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Cinefamily Accountability
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Unfinished Business: The Enablers

The future of workplace safety is up in the air.  We don’t yet know if #MeToo will herald a new era of responsibility, or if it’s just the latest in a never-ending game of whack-a-mole.  Changing the culture is a long-term project, and while (some) perpetrators have been held accountable, new ones take their place every day.  For sustainable, lasting change, we have to walk and chew gum at the same time: as we hold jerks to account, we must also attend to the systems and structures that support and protect them.

September has been a heady month for #MeToo Schadenfreude.

On seeing a ‘life ruined,’ a hit of smug superiority can give a false sense of justice served—false because this downfall addresses only part of the problem.  Increasingly, advocates and the press are putting enablers under the microscope:

Perpetrators typically have multiple enablers, and the track record at holding them accountable is mixed: some have lost jobs, clients, and respect; others laugh all the way to the bank.

Of the many enablers at Cinefamily, I am ashamed to count myself as one—albeit on the passive side of the spectrum.  I’m sure I was not the only patron to find Cinefamily’s reliance on “volunteer labor” to be sketchy, but I said nothing.  I saw beer handed out to patrons willy-nilly but ignored the implications.  I reveled in the outré screenings, conflating criticality with prurience.  To be clear: I had no clue about the abuse or harassment or violence or embezzlement or fraud—but maybe I should have?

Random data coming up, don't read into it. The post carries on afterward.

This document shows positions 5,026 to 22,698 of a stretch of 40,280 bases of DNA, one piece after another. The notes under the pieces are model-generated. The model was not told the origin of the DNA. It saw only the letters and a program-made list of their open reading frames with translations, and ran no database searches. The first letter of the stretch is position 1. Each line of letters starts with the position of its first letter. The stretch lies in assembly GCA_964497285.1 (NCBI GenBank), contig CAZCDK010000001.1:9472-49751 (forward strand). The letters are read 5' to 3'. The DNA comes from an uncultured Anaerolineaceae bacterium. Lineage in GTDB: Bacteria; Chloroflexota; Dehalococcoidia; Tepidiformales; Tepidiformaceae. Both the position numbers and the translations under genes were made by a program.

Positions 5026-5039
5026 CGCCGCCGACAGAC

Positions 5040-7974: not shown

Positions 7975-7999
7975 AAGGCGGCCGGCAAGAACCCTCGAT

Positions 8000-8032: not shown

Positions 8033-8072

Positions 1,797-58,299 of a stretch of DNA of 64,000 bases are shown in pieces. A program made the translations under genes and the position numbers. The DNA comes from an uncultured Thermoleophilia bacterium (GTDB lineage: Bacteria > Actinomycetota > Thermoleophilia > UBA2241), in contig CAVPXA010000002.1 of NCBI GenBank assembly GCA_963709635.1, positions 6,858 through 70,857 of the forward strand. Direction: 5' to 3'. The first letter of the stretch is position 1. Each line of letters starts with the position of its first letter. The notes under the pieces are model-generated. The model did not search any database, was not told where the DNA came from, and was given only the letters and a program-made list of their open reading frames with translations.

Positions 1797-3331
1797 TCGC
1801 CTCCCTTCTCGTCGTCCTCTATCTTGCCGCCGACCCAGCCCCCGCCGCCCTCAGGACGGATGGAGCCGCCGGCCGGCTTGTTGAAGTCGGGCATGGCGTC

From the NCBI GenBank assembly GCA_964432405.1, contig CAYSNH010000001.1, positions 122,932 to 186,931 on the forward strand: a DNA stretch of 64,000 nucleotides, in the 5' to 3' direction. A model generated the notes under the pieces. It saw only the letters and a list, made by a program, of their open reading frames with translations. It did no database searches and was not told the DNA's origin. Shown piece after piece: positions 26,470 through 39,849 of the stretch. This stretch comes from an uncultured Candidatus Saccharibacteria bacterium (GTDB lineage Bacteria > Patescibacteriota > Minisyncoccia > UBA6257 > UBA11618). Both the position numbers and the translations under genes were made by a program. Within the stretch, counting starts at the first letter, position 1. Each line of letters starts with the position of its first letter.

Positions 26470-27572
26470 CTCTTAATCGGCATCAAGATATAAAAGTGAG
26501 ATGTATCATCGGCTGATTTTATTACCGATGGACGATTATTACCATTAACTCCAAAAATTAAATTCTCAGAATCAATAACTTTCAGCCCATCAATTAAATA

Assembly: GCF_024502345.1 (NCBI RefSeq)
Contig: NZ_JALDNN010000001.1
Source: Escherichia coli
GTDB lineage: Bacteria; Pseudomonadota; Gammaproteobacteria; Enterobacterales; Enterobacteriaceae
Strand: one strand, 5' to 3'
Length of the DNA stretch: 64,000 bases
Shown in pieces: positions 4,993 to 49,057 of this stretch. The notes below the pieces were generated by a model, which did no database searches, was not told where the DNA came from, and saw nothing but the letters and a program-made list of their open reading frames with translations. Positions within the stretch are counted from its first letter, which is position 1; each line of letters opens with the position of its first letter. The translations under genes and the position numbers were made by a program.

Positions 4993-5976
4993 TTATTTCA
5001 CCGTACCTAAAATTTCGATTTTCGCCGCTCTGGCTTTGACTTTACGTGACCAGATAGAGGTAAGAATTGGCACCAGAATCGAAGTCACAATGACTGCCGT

The more active enablers—the ones who could and should have stopped it—attended Cinefamily board meetings.  Not everyone on the board knew every detail of the abuse and improprieties, but the “core” board members knew a lot, according to my interviews with several former board members.  They approved spending money on lawyers to bully press outlets.  They approved secret investigations and secret settlements.  They kept information from law enforcement, staff, members, regulators, and the public.

Cinefamily’s board members included:

  • Phil Lord, screenwriter and director

  • Katharine O’Brien, director

  • Alia Penner, artist

  • Amy Poncher, producer

  • Brad Simpson, producer at Color Force

  • Bec Smith, agent at United Talent

  • Melissa Volpert of the Standard, Hollywood

  • John Wyatt of Cinespia

  • Michael Bacall, screenwriter

  • Albert Berger, producer

  • Louis Black, producer

  • Liesl Copland, agent at WME

  • James Andrew Fino of Starburns Industries

  • Sammy Harkham

  • Phil Hoelting, producer

  • Ted Hope, Amazon Studios


Dan Harkham was not only the Silent Movie Theater’s owner and Cinefamily’s co-founder and Board Treasurer, but corporate filings show him as Cinefamily’s sole legal decision-maker, appointing (and/or ousting) every single board member.  Dan Harkham was the one person charged with board oversight—he was the CEO, the Chief Enabling Officer. 

Corporate filings indicate Harkham is also the man in charge of Fairfax Cinema.  When will the next round of whack-a-mole start?